Ms. Peepers

I spent the first two summers after grad school teaching at an arts camp in Connecticut. They'd got my vita through the College Art Association offices in New York City, where I'd hoped to interest a college ceramics program, but had also admitted to experience in children's storytelling, music and radio. So one day, out of the blue I got a phone call from Buck's Rock, asking if I wanted to come back east for the summer.

It was a pretty amazing experience. They taught kids ages 9 and up everything from painting and printmaking to ceramics and glassblowing. There was a wood shop, a photography shop, a jewelry shop, letter press printing, silkscreen and batik. Not to mention performing arts: chorus, band, theatre and clowning. A garden, a farm (with a conveniently timed pregnant heifer, so the kids got to see a calf born every year). I had a great two summers there, might have even come back for a third if I hadn't been busy getting married in Wisconsin.

We were pretty far back in the woods of western Connecticut, and the wildlife was amazing. I saw luna moths for the first time while I was there, and deer occasionally, early in the morning. We had a skunk that used to lurk around the premises, which inspired the theatre people to build a skunk puppet and terrorize the counselors late at night on the payphones.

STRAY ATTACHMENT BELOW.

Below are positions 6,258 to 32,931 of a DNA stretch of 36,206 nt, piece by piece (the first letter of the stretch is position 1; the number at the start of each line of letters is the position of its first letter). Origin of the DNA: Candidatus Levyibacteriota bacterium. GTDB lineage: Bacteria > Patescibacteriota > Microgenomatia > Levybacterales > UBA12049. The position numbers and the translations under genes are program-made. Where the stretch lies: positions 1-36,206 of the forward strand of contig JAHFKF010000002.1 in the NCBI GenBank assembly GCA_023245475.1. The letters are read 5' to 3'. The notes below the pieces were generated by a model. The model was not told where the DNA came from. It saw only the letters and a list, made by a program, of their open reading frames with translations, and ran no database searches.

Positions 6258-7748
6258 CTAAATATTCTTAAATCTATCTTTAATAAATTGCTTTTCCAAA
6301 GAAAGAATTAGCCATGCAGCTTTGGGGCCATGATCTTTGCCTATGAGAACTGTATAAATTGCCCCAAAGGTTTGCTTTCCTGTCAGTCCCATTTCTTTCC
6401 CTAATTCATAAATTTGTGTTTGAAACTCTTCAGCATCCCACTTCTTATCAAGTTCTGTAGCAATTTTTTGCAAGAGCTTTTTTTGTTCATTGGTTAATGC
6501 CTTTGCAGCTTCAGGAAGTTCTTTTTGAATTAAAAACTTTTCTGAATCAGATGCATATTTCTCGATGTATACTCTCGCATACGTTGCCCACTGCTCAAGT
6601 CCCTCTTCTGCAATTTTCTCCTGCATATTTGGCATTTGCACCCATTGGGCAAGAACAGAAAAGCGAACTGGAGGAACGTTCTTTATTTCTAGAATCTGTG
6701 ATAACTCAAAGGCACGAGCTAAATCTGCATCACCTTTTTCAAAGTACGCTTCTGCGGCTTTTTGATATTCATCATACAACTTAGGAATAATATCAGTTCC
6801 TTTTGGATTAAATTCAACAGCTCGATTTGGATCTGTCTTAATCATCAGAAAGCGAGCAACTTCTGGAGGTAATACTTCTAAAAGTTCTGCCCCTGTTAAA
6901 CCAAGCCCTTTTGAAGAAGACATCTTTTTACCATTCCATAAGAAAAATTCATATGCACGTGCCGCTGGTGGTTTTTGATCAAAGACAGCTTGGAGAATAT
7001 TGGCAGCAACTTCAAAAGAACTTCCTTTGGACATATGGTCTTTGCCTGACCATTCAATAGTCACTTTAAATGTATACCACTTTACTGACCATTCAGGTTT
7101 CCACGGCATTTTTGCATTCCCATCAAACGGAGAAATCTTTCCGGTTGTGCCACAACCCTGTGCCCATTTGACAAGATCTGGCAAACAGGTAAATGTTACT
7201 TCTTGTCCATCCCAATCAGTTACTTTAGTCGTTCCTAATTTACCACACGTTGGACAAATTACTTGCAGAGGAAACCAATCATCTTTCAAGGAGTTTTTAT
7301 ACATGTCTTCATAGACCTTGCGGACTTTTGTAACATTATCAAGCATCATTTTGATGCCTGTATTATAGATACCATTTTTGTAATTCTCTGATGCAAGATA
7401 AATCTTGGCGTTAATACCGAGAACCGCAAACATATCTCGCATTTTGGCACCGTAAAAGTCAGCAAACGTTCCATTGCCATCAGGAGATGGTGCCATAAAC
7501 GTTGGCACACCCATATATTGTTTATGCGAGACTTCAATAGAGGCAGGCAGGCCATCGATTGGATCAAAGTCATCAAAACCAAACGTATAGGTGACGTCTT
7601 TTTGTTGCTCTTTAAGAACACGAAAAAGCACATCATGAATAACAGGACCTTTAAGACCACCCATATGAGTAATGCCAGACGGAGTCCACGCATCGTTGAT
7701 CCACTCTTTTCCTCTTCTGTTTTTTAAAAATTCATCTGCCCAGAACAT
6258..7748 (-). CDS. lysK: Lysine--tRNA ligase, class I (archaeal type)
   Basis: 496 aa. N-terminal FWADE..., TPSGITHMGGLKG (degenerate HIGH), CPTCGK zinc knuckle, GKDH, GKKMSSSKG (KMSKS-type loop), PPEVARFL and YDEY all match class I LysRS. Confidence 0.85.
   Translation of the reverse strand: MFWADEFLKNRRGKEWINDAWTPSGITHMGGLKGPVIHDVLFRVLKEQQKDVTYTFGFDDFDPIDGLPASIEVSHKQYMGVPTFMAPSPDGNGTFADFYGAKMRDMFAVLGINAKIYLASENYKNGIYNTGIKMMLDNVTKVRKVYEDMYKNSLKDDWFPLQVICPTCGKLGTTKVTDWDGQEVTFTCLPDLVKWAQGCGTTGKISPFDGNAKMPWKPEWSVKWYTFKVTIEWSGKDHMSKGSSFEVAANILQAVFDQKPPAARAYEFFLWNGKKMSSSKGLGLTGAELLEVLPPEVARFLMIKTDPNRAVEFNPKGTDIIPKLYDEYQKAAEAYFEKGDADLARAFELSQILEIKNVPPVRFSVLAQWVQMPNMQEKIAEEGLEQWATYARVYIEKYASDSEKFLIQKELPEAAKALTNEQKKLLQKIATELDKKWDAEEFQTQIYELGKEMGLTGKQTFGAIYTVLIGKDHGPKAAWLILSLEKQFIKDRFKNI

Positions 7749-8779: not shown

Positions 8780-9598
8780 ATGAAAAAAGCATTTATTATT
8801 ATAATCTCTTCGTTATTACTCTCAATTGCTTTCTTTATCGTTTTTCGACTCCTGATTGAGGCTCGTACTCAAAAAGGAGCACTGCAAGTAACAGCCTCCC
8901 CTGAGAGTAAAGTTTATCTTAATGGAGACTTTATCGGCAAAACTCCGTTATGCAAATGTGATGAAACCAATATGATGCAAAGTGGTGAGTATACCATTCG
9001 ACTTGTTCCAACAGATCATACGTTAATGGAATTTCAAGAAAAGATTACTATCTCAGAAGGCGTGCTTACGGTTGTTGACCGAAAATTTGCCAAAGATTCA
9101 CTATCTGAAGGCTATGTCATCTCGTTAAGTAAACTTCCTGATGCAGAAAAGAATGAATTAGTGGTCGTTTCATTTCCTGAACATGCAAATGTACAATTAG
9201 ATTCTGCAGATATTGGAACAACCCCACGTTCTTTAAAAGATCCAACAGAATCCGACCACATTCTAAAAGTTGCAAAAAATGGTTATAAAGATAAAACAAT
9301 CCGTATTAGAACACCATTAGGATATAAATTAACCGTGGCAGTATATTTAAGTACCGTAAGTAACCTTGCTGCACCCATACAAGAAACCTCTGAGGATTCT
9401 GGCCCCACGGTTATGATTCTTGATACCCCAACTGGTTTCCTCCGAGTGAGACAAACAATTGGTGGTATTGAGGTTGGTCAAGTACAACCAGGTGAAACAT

What we had most of was tree frogs, little spring peepers, tinier than a nine-year-old's thumb, green and brown. The nine-year-old in question was named Sara, "Little Sara," to differentiate her from "Big Sara" who headed the ceramics studio that year. She showed up in the shop one morning with a shoebox under her arm and proceeded to show us a dozen or more tiny tree frogs. She was convinced they were babies, and had been collecting them to keep them safe from harm. It took us some talking to convince her that they were capable adults; futhermore, that they'd dry out and die if she didn't let them go.

The tree frogs I paint on my cookie jars, tall mugs, pasta bowls and bakers are a little flashier than spring peepers--I think the original calendar photo I use for reference was taken in Central America. But I can't paint them without remembering a nine-year-old girl with a box full of wonder.